Sure Why Not

You Can Get Med School Credit For Editing Wikipedia Pages Now

Frantic symptom-Googling may get a little less terrifying.
(Photo: Getty)

(Photo: Getty)

Using the Internet to diagnose your health issues can get dicey. One minute you’re looking for hangover cures, the next you’ve been convinced you have both gout and bubonic plague and need the promptest medical attention.

In an effort to clear up the misinformation and sensationalism that often surround the world of online symptom-searching, the University of California, San Francisco, is offering course credit to its medical students if they edit Wikipedia articles about diseases, the New York Times reports.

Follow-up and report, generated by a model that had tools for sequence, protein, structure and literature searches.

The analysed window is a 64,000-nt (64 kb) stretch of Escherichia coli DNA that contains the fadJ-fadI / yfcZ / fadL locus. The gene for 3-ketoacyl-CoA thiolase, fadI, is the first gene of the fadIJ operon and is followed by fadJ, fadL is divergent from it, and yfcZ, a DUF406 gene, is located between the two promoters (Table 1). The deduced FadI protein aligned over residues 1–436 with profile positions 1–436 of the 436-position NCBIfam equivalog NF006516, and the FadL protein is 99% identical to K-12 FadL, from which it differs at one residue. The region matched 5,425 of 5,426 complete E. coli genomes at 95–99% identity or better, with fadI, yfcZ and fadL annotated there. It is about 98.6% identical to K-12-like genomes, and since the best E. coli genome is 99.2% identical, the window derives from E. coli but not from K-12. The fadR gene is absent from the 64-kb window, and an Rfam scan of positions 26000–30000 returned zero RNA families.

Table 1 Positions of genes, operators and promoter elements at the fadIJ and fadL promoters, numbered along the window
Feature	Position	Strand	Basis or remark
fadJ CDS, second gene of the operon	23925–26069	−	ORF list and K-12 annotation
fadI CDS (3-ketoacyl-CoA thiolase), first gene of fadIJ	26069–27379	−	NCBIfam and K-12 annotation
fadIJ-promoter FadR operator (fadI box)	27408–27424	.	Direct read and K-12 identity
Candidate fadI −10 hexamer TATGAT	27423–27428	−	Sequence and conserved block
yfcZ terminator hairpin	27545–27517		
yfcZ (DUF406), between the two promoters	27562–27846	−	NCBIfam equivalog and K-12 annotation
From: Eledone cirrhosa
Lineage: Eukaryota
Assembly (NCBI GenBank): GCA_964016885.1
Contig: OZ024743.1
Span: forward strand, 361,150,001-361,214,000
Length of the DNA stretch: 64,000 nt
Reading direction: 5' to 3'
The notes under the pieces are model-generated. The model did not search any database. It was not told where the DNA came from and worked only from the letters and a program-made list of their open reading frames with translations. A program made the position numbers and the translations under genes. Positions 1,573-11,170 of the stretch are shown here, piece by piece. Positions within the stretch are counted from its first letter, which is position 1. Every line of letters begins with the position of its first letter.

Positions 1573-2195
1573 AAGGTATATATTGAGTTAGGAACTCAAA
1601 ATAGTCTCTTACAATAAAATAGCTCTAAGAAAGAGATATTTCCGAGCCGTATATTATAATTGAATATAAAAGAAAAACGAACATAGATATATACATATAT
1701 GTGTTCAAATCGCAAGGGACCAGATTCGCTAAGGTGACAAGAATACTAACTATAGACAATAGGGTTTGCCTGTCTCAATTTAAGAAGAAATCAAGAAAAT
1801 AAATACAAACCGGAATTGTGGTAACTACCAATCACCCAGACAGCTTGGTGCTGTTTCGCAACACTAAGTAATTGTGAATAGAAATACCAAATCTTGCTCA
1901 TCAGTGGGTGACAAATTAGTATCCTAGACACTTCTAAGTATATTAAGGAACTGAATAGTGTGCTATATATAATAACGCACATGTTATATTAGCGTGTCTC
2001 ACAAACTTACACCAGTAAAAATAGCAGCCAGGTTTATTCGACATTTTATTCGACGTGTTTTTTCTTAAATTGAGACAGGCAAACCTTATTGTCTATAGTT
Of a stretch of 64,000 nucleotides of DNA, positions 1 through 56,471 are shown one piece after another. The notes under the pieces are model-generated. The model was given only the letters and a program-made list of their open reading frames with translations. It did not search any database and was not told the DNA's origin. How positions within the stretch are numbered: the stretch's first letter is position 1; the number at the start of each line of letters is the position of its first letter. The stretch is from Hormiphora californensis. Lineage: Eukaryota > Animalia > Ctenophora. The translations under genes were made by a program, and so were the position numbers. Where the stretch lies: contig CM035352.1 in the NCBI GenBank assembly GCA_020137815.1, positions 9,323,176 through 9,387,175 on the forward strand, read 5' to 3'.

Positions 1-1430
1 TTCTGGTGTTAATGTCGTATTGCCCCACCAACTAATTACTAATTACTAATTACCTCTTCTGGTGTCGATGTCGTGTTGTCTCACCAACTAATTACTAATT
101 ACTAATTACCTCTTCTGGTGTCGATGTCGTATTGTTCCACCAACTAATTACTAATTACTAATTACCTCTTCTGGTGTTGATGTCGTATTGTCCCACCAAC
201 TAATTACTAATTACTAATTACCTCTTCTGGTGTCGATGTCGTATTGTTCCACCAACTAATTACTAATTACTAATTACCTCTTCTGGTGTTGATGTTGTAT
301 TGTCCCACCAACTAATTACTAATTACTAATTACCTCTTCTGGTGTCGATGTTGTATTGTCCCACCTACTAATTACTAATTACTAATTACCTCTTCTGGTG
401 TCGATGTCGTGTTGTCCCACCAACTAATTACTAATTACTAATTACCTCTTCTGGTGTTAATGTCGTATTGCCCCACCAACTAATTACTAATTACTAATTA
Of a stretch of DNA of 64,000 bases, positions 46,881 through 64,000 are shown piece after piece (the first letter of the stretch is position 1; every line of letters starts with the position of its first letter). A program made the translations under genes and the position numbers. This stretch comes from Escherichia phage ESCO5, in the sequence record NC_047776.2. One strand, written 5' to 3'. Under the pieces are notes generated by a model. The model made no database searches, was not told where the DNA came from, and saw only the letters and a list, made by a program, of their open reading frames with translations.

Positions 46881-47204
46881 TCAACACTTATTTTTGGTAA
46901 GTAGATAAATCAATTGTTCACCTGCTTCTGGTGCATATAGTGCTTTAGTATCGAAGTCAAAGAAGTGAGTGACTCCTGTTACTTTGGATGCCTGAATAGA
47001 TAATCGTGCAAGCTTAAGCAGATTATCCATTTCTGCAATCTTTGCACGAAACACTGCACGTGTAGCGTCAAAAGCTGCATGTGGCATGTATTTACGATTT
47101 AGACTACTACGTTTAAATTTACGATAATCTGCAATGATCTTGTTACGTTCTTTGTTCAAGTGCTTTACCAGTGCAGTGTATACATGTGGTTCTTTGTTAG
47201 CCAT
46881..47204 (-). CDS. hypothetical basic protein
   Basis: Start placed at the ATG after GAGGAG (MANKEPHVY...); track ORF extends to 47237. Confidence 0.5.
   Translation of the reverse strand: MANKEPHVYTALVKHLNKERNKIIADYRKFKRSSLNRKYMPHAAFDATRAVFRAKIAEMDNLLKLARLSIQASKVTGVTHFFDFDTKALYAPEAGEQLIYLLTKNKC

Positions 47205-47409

“We as a profession have our corpus of knowledge, and we owe it as a profession to educate the lay public,” Dr. Amin Azzam, a health sciences associate clinical professor at the U.C.S.F. School of Medicine, is quoted as saying (rather stuffily, tbh) in the Times.

Here’s what we lay people are wondering: when will we start being rewarded for adding academic close-reads of ’90s rap songs to Wikipedia?

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